In order to open an account with the service provider of your choice you would normally require at a minimum:

  1. Completed Application Form from the service provider (download it on the company’s website)
  2. Certified ID
  3. Proof of Residence

When should I start a TFSA?

The common saying of “sooner rather than later” could not be truer. Although you should keep in mind some key thoughts before jumping in head first.

A-Beginners-Guide-to-Tax-Free-Savings-Accounts-TFSAs-future A Beginner’s Guide to Tax-Free Savings Accounts (TFSA)

You should only place money into a TFSA account that you will not likely need in the near future. In this sense the longer you can leave your money untouched the more chance the growth can compound. This further benefits you as you don’t pay tax on the gains. That said TFSA can also be a great way to save for a specific purpose or a “raining day”. Ideally the longer you can go without the money the more you can earn. Therefore, in this sense aim for the long term.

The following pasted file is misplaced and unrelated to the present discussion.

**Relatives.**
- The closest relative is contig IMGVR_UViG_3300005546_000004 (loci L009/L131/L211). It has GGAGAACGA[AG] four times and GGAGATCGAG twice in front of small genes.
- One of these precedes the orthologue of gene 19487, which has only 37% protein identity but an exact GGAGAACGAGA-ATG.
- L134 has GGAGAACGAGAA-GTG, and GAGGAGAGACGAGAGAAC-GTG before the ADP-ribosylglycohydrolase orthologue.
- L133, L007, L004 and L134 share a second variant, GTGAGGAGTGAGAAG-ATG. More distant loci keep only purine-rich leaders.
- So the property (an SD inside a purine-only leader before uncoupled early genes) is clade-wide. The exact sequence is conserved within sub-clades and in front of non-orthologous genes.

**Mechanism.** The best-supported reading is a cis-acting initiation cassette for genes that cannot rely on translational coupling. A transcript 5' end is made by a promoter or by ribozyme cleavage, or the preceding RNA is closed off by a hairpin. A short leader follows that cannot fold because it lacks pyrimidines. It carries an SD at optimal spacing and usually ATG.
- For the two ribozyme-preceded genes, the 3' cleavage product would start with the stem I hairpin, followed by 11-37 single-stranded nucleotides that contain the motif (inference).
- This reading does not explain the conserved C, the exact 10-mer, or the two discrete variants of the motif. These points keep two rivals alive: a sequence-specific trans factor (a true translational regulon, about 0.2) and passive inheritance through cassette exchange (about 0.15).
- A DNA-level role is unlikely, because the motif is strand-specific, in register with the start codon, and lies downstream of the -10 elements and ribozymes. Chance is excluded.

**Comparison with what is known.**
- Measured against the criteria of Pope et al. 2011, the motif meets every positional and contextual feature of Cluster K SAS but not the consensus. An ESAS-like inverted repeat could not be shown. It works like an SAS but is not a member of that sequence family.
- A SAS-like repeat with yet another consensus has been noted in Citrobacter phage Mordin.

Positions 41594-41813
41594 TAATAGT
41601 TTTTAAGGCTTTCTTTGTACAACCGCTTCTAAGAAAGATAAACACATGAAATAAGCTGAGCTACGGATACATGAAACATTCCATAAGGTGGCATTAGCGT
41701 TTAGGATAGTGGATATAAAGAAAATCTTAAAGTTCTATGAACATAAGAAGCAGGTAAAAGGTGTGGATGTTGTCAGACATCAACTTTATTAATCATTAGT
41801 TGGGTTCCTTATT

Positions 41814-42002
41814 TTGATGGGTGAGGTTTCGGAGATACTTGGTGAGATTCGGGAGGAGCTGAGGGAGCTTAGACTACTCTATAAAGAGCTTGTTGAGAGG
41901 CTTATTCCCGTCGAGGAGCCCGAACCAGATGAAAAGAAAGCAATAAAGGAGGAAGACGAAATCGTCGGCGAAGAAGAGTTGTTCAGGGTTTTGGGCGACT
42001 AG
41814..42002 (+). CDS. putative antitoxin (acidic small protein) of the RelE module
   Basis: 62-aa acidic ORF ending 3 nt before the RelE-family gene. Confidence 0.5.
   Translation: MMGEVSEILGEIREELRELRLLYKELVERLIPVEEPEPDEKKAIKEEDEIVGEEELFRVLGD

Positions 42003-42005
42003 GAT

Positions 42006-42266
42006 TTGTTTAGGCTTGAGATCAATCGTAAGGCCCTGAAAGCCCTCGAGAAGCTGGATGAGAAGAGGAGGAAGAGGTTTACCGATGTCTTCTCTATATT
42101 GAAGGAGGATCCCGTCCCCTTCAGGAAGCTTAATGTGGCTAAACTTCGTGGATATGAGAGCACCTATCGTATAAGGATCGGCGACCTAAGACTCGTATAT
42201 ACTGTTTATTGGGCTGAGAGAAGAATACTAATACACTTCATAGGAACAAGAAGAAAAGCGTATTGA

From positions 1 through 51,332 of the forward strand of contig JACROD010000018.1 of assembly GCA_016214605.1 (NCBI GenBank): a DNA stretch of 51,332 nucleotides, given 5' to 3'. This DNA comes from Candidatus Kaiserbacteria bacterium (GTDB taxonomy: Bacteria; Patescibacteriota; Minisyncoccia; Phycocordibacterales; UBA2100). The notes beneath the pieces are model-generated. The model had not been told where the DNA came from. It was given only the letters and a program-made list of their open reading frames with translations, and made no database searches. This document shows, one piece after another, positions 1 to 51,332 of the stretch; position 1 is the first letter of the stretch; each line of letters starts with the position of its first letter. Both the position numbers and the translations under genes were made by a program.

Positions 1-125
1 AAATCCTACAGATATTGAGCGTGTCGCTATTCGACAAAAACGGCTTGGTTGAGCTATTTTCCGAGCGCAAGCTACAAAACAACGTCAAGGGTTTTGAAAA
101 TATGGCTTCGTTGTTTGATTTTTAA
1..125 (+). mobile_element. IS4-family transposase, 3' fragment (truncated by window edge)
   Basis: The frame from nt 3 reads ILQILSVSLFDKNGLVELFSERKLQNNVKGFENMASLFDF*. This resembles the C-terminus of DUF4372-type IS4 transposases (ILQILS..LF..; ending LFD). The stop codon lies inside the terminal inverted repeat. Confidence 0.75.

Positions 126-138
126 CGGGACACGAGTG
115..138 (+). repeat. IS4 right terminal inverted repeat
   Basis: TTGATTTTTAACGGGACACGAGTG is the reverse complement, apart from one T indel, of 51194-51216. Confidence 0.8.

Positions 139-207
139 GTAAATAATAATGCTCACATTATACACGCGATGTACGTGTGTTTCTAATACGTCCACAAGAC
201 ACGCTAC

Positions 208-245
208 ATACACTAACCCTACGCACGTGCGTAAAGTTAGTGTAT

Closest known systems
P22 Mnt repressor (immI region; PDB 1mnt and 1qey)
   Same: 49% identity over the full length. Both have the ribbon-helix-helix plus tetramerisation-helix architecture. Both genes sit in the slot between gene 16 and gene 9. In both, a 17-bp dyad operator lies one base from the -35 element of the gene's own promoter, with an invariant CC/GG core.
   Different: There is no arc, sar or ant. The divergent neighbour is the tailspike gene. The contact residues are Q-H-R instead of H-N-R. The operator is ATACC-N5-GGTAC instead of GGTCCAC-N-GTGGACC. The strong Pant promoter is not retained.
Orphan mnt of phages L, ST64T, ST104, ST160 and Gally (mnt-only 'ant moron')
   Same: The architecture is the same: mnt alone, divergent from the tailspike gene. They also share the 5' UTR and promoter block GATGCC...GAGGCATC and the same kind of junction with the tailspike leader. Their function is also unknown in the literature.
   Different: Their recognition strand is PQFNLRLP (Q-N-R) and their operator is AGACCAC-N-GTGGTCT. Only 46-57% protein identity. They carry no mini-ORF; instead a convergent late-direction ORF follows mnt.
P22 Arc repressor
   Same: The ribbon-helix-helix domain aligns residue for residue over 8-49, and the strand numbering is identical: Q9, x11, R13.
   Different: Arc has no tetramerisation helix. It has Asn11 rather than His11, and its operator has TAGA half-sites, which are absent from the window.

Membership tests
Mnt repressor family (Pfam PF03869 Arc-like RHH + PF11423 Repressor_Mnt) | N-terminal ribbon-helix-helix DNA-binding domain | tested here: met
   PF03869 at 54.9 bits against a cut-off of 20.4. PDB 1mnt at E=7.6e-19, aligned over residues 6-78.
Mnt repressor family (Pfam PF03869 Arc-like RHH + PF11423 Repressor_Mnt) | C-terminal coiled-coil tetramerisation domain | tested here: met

The choice is to go with a lump sum payment on an ad-hoc basis or put in a monthly debit order. This debit order can be up to a maximum of R2,750 (which equates to R33,000 per year).

We trust you now have a base level understanding of what Tax-Free Savings Accounts are. Look out for our future articles on TFSA to learn more. In the meantime feel free to tell us what you would like to know. Drop us a comment or a question.

 

Icon made by eucalyp from flaticon.com

Featured Image by rawpixel on Unsplash

0Shares

This Post Has One Comment

Leave a Reply

Close Menu